From Brian Coyne
Let me try and summarise what Bishop Robinson had to say. He is putting forward a check-list of twelve major points that he believes need to be addressed by the institutional church (in his case the Catholic Church but, as he says, some of the points also extend to other institutions in society who have been tainted by similar scandals). His focus is not so much on “saving the Church, or his fellow bishops from further scandal” so much as a three-position focus: (i) on returning victims of abuse to a position of healing and equilibrium where, if possible they can resume their lives without constantly being dragged down by what was done to them. (ii)His focus is in preventing, as far as humanly possible, abuse happening again but, if it does, there are mechanisms in place to respond to the needs of the victims as the first priority. (iii) Running through what he has to say I think one can detect this continuing deep love for Jesus and his message, and a desire to return the institution to the point where it is again an effective agent in the world, from preaching the true “good news” of Jesus Christ.
Here, in summary form, are the twelve areas that Bishop Robinson suggests need to be addressed:
             i.       The Angry God: This image the institution projects of a God of Wrath and Anger needs to be challenged. It is wrong, and bad theology.
           ii.       The Male Church: Women have been marginalized and treated as second class by the institution for far too long.
         iii.       The Culture of Celibacy: Not so much celibacy per se but mandatory celibacy has to take a major part of the blame as a contributing cause of this crisis.
         iv.       Moral Immaturity: The seminary system and training of priests and religious has not encouraged moral and spiritual maturity. That needs to be changed.
           v.       Orthodoxy and Orthopraxy: Bishop Robinson argues there has been far too much emphasis on Orthodoxy (right belief) and far too little on Orthopraxy (right action).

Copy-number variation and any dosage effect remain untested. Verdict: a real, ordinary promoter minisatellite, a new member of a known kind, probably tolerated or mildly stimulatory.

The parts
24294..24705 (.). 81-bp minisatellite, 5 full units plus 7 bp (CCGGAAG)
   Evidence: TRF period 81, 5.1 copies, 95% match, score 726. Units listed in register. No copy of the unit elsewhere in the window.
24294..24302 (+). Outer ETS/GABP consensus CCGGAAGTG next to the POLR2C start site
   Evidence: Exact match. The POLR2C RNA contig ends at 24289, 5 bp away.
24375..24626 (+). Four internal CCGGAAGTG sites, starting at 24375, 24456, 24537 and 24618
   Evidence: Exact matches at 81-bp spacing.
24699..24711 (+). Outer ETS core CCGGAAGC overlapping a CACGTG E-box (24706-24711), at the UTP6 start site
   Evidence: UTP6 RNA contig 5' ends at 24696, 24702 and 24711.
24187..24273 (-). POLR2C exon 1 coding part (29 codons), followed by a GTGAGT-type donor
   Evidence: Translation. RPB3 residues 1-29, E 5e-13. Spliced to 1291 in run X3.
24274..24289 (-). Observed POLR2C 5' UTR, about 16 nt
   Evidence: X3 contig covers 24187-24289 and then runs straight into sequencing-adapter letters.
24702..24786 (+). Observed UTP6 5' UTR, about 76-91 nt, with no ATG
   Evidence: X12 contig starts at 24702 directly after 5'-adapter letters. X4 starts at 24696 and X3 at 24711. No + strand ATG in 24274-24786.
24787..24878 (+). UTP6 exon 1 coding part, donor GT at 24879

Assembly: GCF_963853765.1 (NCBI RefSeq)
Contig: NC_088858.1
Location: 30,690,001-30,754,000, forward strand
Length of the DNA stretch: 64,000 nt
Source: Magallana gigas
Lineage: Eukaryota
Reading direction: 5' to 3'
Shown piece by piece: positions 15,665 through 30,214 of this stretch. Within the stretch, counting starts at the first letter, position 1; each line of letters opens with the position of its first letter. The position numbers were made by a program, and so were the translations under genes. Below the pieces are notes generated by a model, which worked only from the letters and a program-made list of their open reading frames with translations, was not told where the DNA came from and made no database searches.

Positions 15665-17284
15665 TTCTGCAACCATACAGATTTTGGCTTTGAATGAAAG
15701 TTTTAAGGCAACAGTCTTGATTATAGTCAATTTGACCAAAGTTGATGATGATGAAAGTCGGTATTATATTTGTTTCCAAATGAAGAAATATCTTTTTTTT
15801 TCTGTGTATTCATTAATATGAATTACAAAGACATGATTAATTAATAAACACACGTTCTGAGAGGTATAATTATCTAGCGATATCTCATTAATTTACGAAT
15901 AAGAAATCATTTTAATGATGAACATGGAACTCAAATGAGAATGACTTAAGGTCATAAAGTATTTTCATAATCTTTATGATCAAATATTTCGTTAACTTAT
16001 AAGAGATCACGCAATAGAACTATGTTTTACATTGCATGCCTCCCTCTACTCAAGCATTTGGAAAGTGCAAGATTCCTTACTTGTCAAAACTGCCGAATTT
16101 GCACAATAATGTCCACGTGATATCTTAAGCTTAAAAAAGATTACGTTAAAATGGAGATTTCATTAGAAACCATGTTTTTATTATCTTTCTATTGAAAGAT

vi.       Sexual Teaching: He argues there needs to be “a profound change in all of sexual morality” within the institution.
       vii.       The Mystique of Priesthood: Priests have been placed on a pedestal of perfection for far too long. It’s dangerous to them and it’s dangerous to the people they are meant to be serving. Priests are not God — they struggle with all the challenges that any human beings struggle with  in their lives. Often because of their positions on these pedestals they have been placed on, they find it difficult to find support in their lives.
     viii.       Professionalism: There has been a rise in professional standards across almost all professions — ethical codes, structures that protect and foster professional integrity but the priesthood has largely been excluded. He argues much more needs to be done to lift professional standards of those in ministry with the Church.
         ix.       A Pope who can’t make mistakes: He argues that the way the pontiff has been placed on a pedestal and immune from criticism has been especially damaging to the institution. Creeping infallibility is a huge problem not only for some at the top who would seem to believe they have divine perfection already but also for many at the lowest rungs of the Church. This culture needs to be changed.
           x.       The Loyalty of Bishops to the Pope: Their oath of allegiance is to the Pope — not to God, or the Church. He argues significant blame has to be placed at the feet of the late John Paul II for his inadequate responses to the growing sexual abuse crisis.
         xi.       A Culture of Secrecy: Bishop Robinson argues that the culture of secrecy in the Church has been a major cause of the problems. Bishops need to present themselves in the best light all the time and the culture of secrecy runs with that. It has been deeply damaging to the institution and needs to be changed.
       xii.       The Sensus Fidelium: He argues the institutional leadership needs to be listening far more to the thinking of the broad body of the faithful not just to the small sectors that crave authority figures and founts of certitude.
The foregoing are my words rather than Bishop Robinson’s seeking to explain in a short space the arguments he will be presenting in the forthcoming book. (His address on Friday, I suspect, was itself a considerable condensation of the text that will appear in the book — particularly as he moved towards the end of his address.)